If you were to ask a gamer why it is they like playing video games, the answer would likely be that it has to do with some form of escapism: Temporarily and fully immersing themselves in a different world. Immersion is critical in great storytelling and doesn’t come out of nowhere; it needs to be created. Among other means of worldbuilding, one of the most powerful tools to create immersion in a lore, is language.
Localization of a game is itself not an easy task, but some developers take it upon themselves to develop their own language for their games, dedicating so much time and thought to the players’ immersion that their invented virtual vernaculars can fill entire dictionaries.
In this article, we’d like to present some of these examples and talk a bit about the merits of creating an original language.
Paul Frommer, linguistic consultant and creator of the Na'vi language from Avatar.
The Hylian spells out "Master Link" in japanese. (Image credit: Nintendo)
Like the fictional alphabet, fictional syllabaries are usually not based on their own original vocabulary. The only difference is that their symbols reflect syllables, not letters. These systems usually feel more authentic and closer to real languages.
To explain a bit further, we may have a look at the Hylian writing systems from the Legend of Zelda series. Even though there are many forms of Hylian, including alphabets, Hylian syllabaries are often used to impart an “ancient” feeling on scripts and texts, and deepen the lore beyond the “simpler” Hylian alphabet deciphering.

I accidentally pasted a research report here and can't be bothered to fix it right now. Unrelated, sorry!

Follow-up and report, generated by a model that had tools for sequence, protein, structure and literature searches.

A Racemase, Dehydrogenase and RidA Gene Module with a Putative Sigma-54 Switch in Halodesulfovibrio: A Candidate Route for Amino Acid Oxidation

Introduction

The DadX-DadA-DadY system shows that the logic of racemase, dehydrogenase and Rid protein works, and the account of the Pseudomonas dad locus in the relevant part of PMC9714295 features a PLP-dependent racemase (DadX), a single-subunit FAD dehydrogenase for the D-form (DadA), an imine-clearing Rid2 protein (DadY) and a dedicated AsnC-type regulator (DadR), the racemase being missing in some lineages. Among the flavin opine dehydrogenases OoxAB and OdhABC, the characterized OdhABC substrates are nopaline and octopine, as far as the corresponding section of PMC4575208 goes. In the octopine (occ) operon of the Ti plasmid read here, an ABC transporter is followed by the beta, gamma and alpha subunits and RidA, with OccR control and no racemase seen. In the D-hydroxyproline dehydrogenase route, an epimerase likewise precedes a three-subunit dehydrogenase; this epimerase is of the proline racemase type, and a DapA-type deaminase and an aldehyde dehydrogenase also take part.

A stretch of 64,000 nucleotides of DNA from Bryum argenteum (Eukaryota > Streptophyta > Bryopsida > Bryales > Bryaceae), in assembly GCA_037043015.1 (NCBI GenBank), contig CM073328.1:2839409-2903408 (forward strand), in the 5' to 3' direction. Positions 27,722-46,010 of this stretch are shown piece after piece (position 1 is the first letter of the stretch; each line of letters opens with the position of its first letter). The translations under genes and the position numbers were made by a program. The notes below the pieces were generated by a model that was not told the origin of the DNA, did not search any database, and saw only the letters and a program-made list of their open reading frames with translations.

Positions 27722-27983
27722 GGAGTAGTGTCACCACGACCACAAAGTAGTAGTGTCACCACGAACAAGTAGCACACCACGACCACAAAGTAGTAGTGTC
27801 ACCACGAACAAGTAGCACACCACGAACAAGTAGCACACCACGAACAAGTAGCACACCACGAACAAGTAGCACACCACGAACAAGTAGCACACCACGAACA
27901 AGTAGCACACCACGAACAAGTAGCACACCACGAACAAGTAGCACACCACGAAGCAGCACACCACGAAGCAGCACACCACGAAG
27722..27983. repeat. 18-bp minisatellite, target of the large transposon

Also often referred to as artlang, this refers to fictional languages which, just as the name suggests, exist solely for aesthetic and phonetically artistic purposes, meaning they possess little to no grammar and vocabulary and rather exist to convey a certain feeling, or make games appear more mysterious or in-depth.
When mentioning video game languages that have no method or sense, the first thing that might come to your mind is Simlish from the Sims franchise. Supposedly the creators of The Sims wanted to originally base their language on either fractured versions of real languages, or perhaps unexpectedly, on Navajo.
It was two improvisers who were invited to the studio and, with their excellent gibberish skills, ultimately convinced developers to go with what we know today as Simlish.
While there has been recurring vocabulary (for example, “Sul sul” means “Hello”), The Sims creator Will Wright said that creating Simlish as a nonsense language was the right decision as it enhanced the user experience, allowing players to use their imagination with the language.
Because most of the language is improvisational, virtually anyone can speak it. This becomes very interesting when it comes to celebrity cameos. Did you know that some of your favorite early 2000s radio hits have made their way into the Sims world? In Simlish, of course. Who could forget such classics as Katy Perry’s “Lass Frooby Noob”?
Fictional languages are overall a great way to create more immersion and rapport with players. Even if there is little to no realism, players on the whole appreciate worldbuilding through any means. Whether it is creating an extensive lingo, or captivating the audience with puzzling ciphers, fictional languages do not only deepen the gaming experience but also encourage people to stay invested in the lore long after finishing a game.